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Iran not to shut down any nuclear facilities

English.news.cn   2014-02-26 01:30:43

TEHRAN, Feb. 25 (Xinhua) -- Iran will not shut down any of its nuclear facilities, Ali-Akbar Velayati the senior advisor to Iran' s supreme leader was quoted as saying by Tehran Times daily on Tuesday, emphasizing Iran's commitment to develop its nuclear program despite objections from some in the international community.

Iran will not reduce the number of its centrifuge machines and will not shut down the Fordo uranium enrichment plant and the Arak heavy-water reactor as part of a comprehensive nuclear deal with the major powers, Velayati was quoted as saying.

The Islamic republic will continue nuclear talks with major powers, he said, adding that the Iranian negotiating team has completely moved within the guidelines set by Iran's Supreme Leader Ayatollah Ali Khamenei.

His statements come a week after the U.S. officials tried to allay their Gulf allies' concerns about a comprehensive deal with Iran by stressing the United States will continue to enforce sanctions against Tehran.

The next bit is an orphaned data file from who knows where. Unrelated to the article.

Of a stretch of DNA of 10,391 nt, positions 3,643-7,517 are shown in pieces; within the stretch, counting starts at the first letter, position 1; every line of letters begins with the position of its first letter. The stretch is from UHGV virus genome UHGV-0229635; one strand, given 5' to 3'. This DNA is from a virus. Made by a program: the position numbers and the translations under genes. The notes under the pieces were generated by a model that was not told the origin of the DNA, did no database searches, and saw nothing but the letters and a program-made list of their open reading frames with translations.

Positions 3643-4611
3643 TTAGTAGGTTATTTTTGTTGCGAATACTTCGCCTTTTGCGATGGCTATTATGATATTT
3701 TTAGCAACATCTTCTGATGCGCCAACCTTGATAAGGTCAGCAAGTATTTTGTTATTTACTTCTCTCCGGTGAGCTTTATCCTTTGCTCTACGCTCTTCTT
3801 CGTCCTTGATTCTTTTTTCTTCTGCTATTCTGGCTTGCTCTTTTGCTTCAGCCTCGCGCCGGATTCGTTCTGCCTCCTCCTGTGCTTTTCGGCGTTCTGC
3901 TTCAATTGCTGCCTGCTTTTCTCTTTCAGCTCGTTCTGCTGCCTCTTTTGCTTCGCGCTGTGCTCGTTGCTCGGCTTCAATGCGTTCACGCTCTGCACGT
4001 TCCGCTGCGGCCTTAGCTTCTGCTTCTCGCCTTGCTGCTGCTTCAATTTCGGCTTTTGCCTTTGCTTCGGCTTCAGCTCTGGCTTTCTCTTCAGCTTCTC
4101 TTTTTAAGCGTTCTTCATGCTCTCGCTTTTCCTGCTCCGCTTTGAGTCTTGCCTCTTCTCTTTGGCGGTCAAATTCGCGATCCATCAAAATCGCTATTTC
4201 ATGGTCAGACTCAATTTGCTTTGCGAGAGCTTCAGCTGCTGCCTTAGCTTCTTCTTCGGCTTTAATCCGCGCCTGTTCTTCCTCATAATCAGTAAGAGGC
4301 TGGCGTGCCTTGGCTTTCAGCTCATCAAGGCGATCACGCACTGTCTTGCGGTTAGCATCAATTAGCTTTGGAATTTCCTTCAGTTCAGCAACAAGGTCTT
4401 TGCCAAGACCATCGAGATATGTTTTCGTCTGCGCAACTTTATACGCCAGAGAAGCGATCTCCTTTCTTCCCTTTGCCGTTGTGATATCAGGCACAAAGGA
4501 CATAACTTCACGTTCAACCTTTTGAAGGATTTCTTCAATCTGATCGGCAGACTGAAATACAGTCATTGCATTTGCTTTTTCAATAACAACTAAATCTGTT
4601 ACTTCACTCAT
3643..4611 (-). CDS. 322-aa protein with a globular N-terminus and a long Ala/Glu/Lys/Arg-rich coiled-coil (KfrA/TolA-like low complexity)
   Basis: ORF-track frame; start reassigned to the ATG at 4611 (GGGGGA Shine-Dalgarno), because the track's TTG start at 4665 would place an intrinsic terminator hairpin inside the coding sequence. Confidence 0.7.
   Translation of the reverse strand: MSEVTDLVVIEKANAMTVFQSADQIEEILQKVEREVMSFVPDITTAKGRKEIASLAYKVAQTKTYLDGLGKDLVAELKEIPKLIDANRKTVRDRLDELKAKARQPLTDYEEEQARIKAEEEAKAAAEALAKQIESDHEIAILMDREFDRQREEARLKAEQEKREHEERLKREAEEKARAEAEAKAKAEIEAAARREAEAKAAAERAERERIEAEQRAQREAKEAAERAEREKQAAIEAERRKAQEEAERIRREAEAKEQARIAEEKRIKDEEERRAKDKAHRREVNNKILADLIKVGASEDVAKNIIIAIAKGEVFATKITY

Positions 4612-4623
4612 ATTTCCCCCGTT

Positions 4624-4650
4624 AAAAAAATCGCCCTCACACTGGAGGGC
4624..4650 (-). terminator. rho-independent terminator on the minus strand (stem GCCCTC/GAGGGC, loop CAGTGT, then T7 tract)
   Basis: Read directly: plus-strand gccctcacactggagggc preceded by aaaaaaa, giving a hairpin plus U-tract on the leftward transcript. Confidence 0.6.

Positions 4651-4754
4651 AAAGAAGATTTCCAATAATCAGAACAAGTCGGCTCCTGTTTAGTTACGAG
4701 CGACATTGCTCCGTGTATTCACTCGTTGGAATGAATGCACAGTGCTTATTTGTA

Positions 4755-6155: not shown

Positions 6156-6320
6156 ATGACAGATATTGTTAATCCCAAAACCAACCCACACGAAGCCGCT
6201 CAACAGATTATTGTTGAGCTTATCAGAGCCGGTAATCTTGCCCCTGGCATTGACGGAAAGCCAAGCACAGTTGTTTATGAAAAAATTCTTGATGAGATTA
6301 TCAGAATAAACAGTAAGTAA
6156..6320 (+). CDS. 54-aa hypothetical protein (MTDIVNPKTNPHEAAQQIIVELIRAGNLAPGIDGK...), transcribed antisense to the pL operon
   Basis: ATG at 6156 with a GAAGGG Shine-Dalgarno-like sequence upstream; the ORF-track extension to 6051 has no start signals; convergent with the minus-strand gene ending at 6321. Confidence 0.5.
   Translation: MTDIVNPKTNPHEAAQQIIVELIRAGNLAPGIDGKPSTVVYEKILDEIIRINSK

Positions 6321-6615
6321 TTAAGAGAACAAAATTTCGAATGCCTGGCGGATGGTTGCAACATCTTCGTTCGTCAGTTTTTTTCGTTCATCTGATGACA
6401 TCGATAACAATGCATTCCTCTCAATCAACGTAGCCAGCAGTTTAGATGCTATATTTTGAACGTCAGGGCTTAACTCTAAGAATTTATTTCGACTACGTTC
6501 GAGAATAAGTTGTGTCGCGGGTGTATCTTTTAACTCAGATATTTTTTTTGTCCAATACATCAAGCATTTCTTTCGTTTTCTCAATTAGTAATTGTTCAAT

"We will not relent in our efforts to confront Iran's destabilizing behavior... not relent in enforcing sanctions," Deputy Secretary of State William Burns said last Wednesday.

Earlier Tuesday, Asghar Zare'an, deputy chief of the Atomic Energy Organization of Iran for Protection and Security, echoed Velayati's position in a strongly worded statement condemning any attempts to pressure Iran to shut down its nuclear facilities.

"We need to bear in mind that the hostility of the enemies toward the Islamic Republic of Iran is endless. Therefore, we should wisely and prudently turn the enemies' hope into despair," Zare'an said.

On Jan. 20, Iran and the P5+1 group, including United States, Russia, China, France, Britain and Germany, started to implement the interim nuclear deal they clinched in Geneva on Nov. 24, 2013. Under the agreement, Iran suspended 20-percent uranium enrichment and started the process of diluting and oxidizing its 196 kg stockpile of 20-percent enriched uranium in exchange for partial relief of the sanctions imposed on its energy and financial sectors.

After three days of intensive negotiations for a comprehensive deal, EU foreign policy chief Catherine Ashton and Iranian foreign minister announced on Feb. 20 the timetable for the next round of the talks.

Editor: Mu Xuequan
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